One doesn’t have to go far in Berlin to see the work of Nazi designers, architects, and planners. Much of it is monumental and horrible. The problem arises when you confront the fact that they could also create beauty.
I’m generally suspicious of stadiums, especially when they’re full of people. But Berlin’s Olympic Stadium is a perfect structure. Built for the 1936 games its impressive proportions retain a pleasing, humane coherence.
The Nazis were obsessed with triumphal avenues and entries. They planned to convert Berlin into Germania, which would be laid out along two massive roads: one north-south, the other east-west. In terms of urban design the Axis powers loved a good axis. The entrance into the stadium would have been at the end of the east-west axis, and is still a direct shot through western Berlin and to the Brandenburg Gate. The stadium was to be an endpoint the mighty boulevard crossing Hitler’s megomaniacal capital of the thousand year Reich.
Sport is a kind of surrogate war, and the Berlin stadium is set in the middle of large, open clearing on the flanks of the vast forested Grünewald. It is the perfect place for a battlefield.
But to approach the stadium and be in it, is to be captivated by its aesthetic qualities. The bowl is set below ground level so that the first story appears about a third as high as the second story, which seems to accelerate upward on its plain, rectangular columns. These pillars make no secret that they are inspired by classical architecture, but are stripped of all ornament and project their modernity as quietly as a vast stadium can. Then there is the visually perfect raking of the seats. Even the torch-like fixtures rising inside the columns in the second story of the stadium cast a warm elegant glow on the stepped ceiling above, but also exude a sober elegance as they mark out the gentle sweep of the ambulatory.
If you can suppress the historical voices that echo through the place and around its grounds, you can see that the stadium is both daunting and inviting—perhaps a fitting metaphor for fascism. But in spite of its associations with, and service to, the terrible superhuman aims of Nazism, the stadium’s scale and contour appear grand but welcoming, not oppressive, but uncannily human.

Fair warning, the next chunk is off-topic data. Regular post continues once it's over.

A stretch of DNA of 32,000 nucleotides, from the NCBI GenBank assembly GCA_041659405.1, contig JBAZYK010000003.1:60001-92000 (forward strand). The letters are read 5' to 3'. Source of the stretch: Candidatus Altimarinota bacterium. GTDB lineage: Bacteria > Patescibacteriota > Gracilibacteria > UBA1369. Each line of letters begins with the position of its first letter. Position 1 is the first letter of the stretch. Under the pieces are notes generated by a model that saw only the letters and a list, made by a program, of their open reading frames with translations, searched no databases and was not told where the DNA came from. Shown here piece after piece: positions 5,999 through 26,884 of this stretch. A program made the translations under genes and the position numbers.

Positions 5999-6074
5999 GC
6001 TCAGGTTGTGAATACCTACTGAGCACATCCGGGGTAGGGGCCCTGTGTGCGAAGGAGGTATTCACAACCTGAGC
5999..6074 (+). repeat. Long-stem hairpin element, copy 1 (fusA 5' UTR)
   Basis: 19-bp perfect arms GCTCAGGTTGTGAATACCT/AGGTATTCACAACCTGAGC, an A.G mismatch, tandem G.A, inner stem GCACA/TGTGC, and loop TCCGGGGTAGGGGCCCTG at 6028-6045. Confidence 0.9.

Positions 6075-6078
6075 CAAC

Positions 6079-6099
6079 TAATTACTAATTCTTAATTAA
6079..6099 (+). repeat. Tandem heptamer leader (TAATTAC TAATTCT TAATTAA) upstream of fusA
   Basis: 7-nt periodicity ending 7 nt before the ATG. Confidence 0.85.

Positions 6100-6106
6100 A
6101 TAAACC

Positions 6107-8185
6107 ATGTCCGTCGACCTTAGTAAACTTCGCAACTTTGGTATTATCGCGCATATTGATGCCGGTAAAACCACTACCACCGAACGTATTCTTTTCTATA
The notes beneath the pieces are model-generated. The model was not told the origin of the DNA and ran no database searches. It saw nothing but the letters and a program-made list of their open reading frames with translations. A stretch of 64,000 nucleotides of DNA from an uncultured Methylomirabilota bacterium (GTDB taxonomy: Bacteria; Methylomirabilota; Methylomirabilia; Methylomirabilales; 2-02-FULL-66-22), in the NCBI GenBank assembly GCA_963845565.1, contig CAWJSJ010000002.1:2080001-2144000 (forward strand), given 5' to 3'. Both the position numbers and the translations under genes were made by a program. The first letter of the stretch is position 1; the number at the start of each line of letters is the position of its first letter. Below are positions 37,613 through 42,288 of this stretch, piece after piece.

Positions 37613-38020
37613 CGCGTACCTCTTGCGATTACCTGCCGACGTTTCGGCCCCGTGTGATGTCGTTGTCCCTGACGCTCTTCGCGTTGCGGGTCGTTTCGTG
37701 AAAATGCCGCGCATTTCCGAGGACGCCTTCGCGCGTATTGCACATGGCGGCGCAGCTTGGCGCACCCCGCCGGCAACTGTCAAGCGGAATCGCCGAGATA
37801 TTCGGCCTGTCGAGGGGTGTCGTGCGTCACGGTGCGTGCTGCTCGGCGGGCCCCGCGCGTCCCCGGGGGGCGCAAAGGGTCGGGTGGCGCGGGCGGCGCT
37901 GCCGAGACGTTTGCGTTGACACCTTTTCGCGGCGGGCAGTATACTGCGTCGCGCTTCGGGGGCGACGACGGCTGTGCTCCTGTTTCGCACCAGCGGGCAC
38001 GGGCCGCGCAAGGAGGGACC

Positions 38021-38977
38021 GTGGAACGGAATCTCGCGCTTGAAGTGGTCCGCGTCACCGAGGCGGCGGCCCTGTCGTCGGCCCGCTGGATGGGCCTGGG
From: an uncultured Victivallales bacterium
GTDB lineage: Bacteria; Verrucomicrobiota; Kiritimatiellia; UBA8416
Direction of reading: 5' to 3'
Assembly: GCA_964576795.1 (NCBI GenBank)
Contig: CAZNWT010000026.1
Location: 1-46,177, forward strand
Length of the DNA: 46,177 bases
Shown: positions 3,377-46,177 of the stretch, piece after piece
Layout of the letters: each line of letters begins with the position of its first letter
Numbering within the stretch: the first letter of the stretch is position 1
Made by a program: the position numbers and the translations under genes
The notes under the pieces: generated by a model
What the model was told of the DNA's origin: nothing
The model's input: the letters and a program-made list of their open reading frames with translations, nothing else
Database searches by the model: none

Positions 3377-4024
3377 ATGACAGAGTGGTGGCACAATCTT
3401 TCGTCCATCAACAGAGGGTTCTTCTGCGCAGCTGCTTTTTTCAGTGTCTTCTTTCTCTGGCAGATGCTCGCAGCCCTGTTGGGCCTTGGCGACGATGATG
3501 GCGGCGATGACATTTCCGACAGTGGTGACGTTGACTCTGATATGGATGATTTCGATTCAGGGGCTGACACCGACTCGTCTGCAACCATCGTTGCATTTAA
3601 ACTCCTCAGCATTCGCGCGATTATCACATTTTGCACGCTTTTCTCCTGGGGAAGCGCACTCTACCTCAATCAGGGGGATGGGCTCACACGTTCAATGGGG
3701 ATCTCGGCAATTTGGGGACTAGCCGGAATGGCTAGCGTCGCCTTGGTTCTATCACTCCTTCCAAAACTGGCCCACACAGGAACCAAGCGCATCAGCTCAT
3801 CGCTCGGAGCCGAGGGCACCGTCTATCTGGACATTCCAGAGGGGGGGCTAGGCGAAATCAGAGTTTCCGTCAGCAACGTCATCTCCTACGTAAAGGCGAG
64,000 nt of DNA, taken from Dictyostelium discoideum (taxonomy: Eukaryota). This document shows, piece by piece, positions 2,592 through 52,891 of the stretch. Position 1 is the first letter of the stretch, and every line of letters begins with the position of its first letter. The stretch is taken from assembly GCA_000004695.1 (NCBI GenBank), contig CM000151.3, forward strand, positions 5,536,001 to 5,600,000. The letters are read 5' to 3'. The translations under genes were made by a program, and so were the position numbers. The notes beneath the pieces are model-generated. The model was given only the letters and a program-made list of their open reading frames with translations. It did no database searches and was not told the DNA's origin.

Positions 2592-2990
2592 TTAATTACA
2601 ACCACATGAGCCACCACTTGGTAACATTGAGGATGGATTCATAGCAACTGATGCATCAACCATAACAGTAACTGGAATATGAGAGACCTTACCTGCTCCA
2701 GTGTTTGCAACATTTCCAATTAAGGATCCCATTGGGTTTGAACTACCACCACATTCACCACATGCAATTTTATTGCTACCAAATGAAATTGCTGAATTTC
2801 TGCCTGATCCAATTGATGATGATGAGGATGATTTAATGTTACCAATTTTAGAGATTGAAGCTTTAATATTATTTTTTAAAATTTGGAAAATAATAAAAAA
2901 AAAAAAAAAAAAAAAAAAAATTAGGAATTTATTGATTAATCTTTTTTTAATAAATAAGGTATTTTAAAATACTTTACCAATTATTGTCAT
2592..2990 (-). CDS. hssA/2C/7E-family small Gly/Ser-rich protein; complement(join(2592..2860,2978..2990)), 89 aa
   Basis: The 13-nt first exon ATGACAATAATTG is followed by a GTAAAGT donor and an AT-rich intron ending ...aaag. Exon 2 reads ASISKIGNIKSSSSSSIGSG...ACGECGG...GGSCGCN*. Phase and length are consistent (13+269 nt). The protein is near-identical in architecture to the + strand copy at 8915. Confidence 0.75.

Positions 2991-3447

On my very first day in Berlin in 2003 I found myself in the outer reaches of Charlottenburg and made my way to the Olympic Stadium. I decided to take the tour and found the inside layout equally as pleasing. The gap in the stadium wall where the Olympic torch sits opens onto a view over the May Field, where Hitler assembled his Hitler Youth every May Day. Beyond rises the famous Bell Tower, damaged by Allied bombs in the War and subsequently rebuilt in the 1950s under the direction of the original architect, Werner March. He and his brother Walter had been on the job when Hitler came to power, Berlin having won the Olympic bid in 1931 and having been working on a sport complex even before that. The Führer came to the Olympic site only twice. He made a few comments suggesting improvements and quickly departed. The Marches—certainly a fitting name for architects now eternally associated with fascism—and Hitler were, as they say, on the same page.
In advance of the World Cup Final to be played in the stadium in 2008, construction was about to begin on a ceiling that would cover everything but the playing field and on new seats. This was not a development that Werner March would have welcomed, for the result has destroyed the relationship of the stadium to its surrounding. It has topped the lovely, mellow stone with garish white material that blunts the clarity of the bowl’s rim. Try pulling that modernizing stunt on Rome’s Coliseum or the well-preserved Roman Arena in Verona. On aesthetic grounds, the Olympic Stadium should have been a protected building.
As the tour came to end, I kept waiting for someone to ask where Hitler had sat during the Olympics, but when no one did I asked the question myself. I received a grudging answer and a nasty look. No one particularly pleased that the American wanted to look towards the Nazi past rather than the World Cup future.
I made my way across the Mayfield, where polo was played for the last time as an Olympic sport, and to the Bell Tower. It offered a magnificent view over Berlin and its forested and lake-rich surroundings, but also of the Olympic campus in all its perfection and of March’s adjacent Waldbühne (Forest Stage) modeled on the Greek theatre at Epidaurus.
I tried to think it all ugly, but found it quite the opposite. Like Leni Riefenstahl’s film Olympiad, which documents the spectacle in some of cinema’s most rapturous sequences, it was utterly compelling.